Spain, and one of Europe’s, largest cycling spectacles will return for its 74th edition this summer. La Vuelta a España will commence on 24 August in Salinas de Torrevieja before finishing up in Fuenlabrada on the outskirts of Madrid on 15 September 2019.

La Vuelta is an annual multi-stage cycling race primarily held in Spain and other bordering nations that first began in 1935, although was postponed during the Spanish Civil War and World War II, and makes up the prestigious Grand Tours with the Tour de France and Giro d’Italia.

Modern editions of La Vuelta consist of 21 day-long stages over a 23-day period with two rest days. Each year the route changes although the format is the same with the appearance of at least two time trials, a passage through the Pyrenees and the final stage taking place in the capital.

The route for the 2019 edition will cover a total distance of 3,272 km and will include eight uphill finishes, five of which are new. The first three stages will take place on the Costa Blanca before heading for a spectacular mountain stage in Andorra which will feature a new ascent to Coll d’Engolasters. The race then crosses the border to France, returning to the Peninsula via Navarre, the Basque Country, Cantabria and Asturias, where it will visit some familiar peaks and also some new ones for this year, such as Santuario del Acebo or Alto de La Cubilla, to the delight of mountain climbers. The final week will traverse through Spain’s central regions before a heart-stopping finale in the Gredos and Guadarrama mountains. The final day acts as an homage to the overall winner and wearer of the red jersey, La Roja – now celebrating its 10th anniversary.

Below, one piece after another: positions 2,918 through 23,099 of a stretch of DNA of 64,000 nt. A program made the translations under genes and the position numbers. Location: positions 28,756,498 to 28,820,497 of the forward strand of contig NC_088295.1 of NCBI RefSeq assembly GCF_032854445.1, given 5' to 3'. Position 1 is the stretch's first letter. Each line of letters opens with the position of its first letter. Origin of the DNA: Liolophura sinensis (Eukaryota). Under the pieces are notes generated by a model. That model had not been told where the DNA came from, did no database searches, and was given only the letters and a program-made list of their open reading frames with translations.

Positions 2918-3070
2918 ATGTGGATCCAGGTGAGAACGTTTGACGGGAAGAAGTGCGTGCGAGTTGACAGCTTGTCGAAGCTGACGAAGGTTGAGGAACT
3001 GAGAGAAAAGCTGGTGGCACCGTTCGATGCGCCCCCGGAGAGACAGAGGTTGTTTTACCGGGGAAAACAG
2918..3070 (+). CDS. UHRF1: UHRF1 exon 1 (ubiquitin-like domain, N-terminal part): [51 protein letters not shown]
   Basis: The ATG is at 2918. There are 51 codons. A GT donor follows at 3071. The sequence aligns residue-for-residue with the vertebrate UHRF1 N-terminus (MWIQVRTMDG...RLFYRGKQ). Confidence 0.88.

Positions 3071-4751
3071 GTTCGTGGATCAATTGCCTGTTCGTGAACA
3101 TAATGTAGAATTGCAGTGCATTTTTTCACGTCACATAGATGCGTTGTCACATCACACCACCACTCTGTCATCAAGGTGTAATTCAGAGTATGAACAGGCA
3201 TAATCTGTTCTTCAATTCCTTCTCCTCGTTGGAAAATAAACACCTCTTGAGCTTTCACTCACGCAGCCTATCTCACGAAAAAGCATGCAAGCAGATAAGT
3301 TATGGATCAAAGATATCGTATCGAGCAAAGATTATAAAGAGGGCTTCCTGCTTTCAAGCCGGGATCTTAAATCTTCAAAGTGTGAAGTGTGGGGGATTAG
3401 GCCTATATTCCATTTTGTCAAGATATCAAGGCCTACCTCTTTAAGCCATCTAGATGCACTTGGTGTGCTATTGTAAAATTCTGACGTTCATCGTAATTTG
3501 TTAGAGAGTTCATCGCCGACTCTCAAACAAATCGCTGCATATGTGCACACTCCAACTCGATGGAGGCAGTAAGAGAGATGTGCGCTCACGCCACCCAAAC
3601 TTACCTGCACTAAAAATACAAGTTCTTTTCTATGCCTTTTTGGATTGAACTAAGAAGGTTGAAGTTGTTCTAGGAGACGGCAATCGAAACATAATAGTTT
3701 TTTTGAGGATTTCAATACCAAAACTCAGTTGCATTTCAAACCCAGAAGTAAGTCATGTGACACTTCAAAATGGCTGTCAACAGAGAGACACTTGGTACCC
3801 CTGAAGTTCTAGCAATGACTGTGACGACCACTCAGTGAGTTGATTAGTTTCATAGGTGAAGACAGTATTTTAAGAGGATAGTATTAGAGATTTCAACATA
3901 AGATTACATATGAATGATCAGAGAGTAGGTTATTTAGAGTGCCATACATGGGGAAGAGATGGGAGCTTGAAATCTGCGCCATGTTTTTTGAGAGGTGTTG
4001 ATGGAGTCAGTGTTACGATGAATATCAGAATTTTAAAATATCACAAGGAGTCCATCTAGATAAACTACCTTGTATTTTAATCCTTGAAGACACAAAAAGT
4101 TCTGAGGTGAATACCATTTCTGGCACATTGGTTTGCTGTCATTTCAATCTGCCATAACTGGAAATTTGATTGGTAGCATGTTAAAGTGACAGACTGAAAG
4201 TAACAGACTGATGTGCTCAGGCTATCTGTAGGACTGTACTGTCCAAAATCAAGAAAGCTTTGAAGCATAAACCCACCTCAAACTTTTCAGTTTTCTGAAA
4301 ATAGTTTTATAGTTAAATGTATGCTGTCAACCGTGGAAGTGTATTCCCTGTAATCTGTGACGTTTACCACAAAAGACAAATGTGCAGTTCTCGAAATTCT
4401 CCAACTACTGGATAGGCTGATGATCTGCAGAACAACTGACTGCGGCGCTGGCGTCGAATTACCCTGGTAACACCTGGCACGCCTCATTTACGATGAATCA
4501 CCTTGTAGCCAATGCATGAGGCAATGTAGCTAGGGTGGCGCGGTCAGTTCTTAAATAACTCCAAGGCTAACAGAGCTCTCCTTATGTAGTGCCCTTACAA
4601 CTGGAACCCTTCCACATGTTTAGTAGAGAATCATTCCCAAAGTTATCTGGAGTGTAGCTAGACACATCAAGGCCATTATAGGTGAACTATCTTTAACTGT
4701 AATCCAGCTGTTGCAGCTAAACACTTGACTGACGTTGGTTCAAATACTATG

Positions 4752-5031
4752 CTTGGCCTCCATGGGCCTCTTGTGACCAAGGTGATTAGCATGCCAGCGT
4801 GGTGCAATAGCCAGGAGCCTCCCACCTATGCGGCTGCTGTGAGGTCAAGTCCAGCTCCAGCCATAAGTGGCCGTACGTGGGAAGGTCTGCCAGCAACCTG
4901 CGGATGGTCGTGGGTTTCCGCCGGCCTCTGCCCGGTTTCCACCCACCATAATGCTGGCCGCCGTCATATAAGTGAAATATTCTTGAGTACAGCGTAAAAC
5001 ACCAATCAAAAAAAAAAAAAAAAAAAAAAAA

Organisers of La Vuelta will hope to replicate the successes of last year after being broadcasted in 189 countries, reaching 950,000 fans on social media with two million interactions and an overall traffic of six million unique visitors to the La Vuelta official website. In addition, this year organisers have turned their attention to the sustainability of the event with eight stages using volunteers for waste collection and all trophies being made from recycled glass collected by stage residents.

Aside from being a huge event in Spain’s sporting calendar, La Vuelta also showcases the best of the Iberian nation to spectators, whether it be the salt lakes of Salinas de Torrevieja, the dramatic mountains of the Pyrenees, or the rolling green hills of northern Spain.

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